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Death of snake handling preacher shines light on lethal Appalachian tradition
Mack Wolford and his father were both serpent handlers who died of snake bites.
June 1st, 2012
09:19 PM ET

Death of snake handling preacher shines light on lethal Appalachian tradition

By Julia Duin, Special to CNN

(CNN) - Mack Wolford, one of the most famous Pentecostal serpent handlers in Appalachia, was laid to rest Saturday at a low-key service at his West Virginia church a week after succumbing to a snake bite that made headlines across the nation.

Several dozen family, friends and members of Wolford's House of the Lord Jesus church in tiny Matoaka filled the simple hall for the service, which lasted slightly more than an hour. At the request of pastor's widow, Fran Wolford, media were forbidden inside the building.
Wolford's own dad was a serpent handler who died from a snake bite in 1983.

Mack Wolford, who was 44,  was bitten by his yellow timber rattlesnake at an evangelistic event in a state park about 80 miles west of Bluefield, in West Virginia’s isolated southern tip.

He enjoyed handling snakes during worship services, but it’s a tradition that has killed about 100 practitioners since it started in the east Tennessee hills in 1909.

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In recent years, Wolford feared the tradition was in danger of dying for lack of interest among people in their 20s and 30s. It’s why he drove to small, out-of-the-way churches around Appalachia to encourage those who handle snakes to keep the tradition alive.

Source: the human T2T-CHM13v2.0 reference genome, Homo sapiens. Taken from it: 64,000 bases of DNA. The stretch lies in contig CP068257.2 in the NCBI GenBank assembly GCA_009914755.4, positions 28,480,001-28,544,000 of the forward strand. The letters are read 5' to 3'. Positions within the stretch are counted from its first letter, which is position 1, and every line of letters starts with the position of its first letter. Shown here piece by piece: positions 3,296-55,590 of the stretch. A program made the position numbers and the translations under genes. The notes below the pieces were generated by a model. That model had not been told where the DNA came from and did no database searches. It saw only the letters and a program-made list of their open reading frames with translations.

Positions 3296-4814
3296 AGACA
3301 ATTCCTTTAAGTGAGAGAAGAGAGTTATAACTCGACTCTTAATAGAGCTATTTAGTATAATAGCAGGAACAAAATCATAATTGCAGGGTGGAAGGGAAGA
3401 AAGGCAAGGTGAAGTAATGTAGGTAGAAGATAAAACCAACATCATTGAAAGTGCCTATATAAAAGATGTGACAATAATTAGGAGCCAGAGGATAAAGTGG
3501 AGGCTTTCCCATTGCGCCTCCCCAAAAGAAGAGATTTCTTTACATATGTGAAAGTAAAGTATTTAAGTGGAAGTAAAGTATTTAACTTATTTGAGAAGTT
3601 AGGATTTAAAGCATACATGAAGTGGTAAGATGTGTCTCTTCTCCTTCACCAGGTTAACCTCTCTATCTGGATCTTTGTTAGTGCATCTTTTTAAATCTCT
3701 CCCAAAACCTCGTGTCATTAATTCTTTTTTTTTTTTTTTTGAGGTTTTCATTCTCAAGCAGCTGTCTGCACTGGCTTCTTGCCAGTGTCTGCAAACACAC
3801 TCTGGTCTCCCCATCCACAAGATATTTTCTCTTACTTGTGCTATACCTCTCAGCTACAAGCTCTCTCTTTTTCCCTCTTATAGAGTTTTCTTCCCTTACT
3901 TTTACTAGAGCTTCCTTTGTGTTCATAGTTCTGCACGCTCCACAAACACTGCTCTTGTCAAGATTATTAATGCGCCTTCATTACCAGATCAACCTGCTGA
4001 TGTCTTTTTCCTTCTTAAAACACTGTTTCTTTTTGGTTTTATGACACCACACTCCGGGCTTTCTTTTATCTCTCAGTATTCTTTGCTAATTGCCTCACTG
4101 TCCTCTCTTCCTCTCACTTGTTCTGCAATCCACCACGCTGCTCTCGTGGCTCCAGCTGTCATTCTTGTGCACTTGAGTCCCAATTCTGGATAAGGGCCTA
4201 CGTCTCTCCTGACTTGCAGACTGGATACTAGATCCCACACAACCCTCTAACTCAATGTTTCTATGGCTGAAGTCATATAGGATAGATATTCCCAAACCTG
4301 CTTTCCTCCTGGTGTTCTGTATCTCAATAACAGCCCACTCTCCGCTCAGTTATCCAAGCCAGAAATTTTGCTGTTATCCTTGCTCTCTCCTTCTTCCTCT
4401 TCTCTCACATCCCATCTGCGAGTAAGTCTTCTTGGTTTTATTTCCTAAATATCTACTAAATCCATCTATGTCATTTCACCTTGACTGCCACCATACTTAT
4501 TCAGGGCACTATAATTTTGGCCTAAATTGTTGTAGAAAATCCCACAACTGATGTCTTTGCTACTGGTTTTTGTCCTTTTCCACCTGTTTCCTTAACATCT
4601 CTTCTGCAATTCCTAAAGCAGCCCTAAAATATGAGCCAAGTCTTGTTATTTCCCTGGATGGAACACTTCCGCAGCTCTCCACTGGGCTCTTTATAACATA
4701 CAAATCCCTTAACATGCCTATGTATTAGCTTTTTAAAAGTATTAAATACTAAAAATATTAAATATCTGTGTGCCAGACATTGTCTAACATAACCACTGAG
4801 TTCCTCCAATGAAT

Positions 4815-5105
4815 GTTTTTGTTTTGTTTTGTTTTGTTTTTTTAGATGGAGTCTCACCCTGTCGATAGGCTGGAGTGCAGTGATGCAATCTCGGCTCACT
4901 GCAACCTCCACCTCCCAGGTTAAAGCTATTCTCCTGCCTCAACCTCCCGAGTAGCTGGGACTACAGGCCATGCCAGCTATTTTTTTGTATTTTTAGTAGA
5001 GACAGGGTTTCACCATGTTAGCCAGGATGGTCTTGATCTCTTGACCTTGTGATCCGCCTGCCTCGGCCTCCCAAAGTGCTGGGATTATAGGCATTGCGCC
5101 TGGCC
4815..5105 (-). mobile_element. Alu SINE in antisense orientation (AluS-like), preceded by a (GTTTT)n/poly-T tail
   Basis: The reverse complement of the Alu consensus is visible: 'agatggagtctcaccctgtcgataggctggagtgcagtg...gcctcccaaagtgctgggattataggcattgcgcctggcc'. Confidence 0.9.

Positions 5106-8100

“I promised the Lord I’d do everything in my power to keep the faith going,” Wolford said last fall in an interview I conducted with him for the Washington Post Sunday magazine. “I spend a lot of time going a lot of places that handle serpents to keep them motivated. I’m trying to get anybody I can get.”

He hadn’t much hope for churches in West Virginia, where serpent handling is legal. Some surrounding states, including Tennessee and North Carolina, have outlawed it. He had his eyes on a Baptist church near Marion, North Carolina, where, he said, “there’s been crowds coming” and its leaders wanted to introduce serpent handling, the law be damned.

“I’m getting the faith started in other states, where I am seeing a positive turnout,” he said. “Remember, back in the Bible, it was the miracles that drew people to Christ.”

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Wolford wanted to travel to the radical edges of Christianity, where life and death gazed at him every time he walked into a church and picked up a snake. That’s what drew the crowds and the media; that’s what gives a preacher from the middle of nowhere the platform to offer the gospel to people who would never otherwise listen.

“Mack was one of the hopes for a revival of the tradition,” said Ralph Hood, a University of Tennessee professor who’s written two books on snake handlers and is probably the foremost academic expert on their culture. “However, I am sure others will emerge, as well.”

Indeed, others are emerging, including a growing group of 20-somethings clustered around churches in La Follette, Tennessee, and Middlesboro, Kentucky. Their individual Facebook pages show photos of poisonous snakes and “serpent handling” appears on their “activities and interests” lists.

Pentecostal serpent handlers - they use "serpent" over "snake" out of deference to the Bible - are known for collecting dozens of snakes expressly for church services.

At church, they’re also known to ingest a mixture of strychnine - a highly toxic powder often used as a pesticide - and water, often from a Mason jar. These same believers will bring Coke bottles with oil-soaked wicks to the church so they can hold flames to their skin.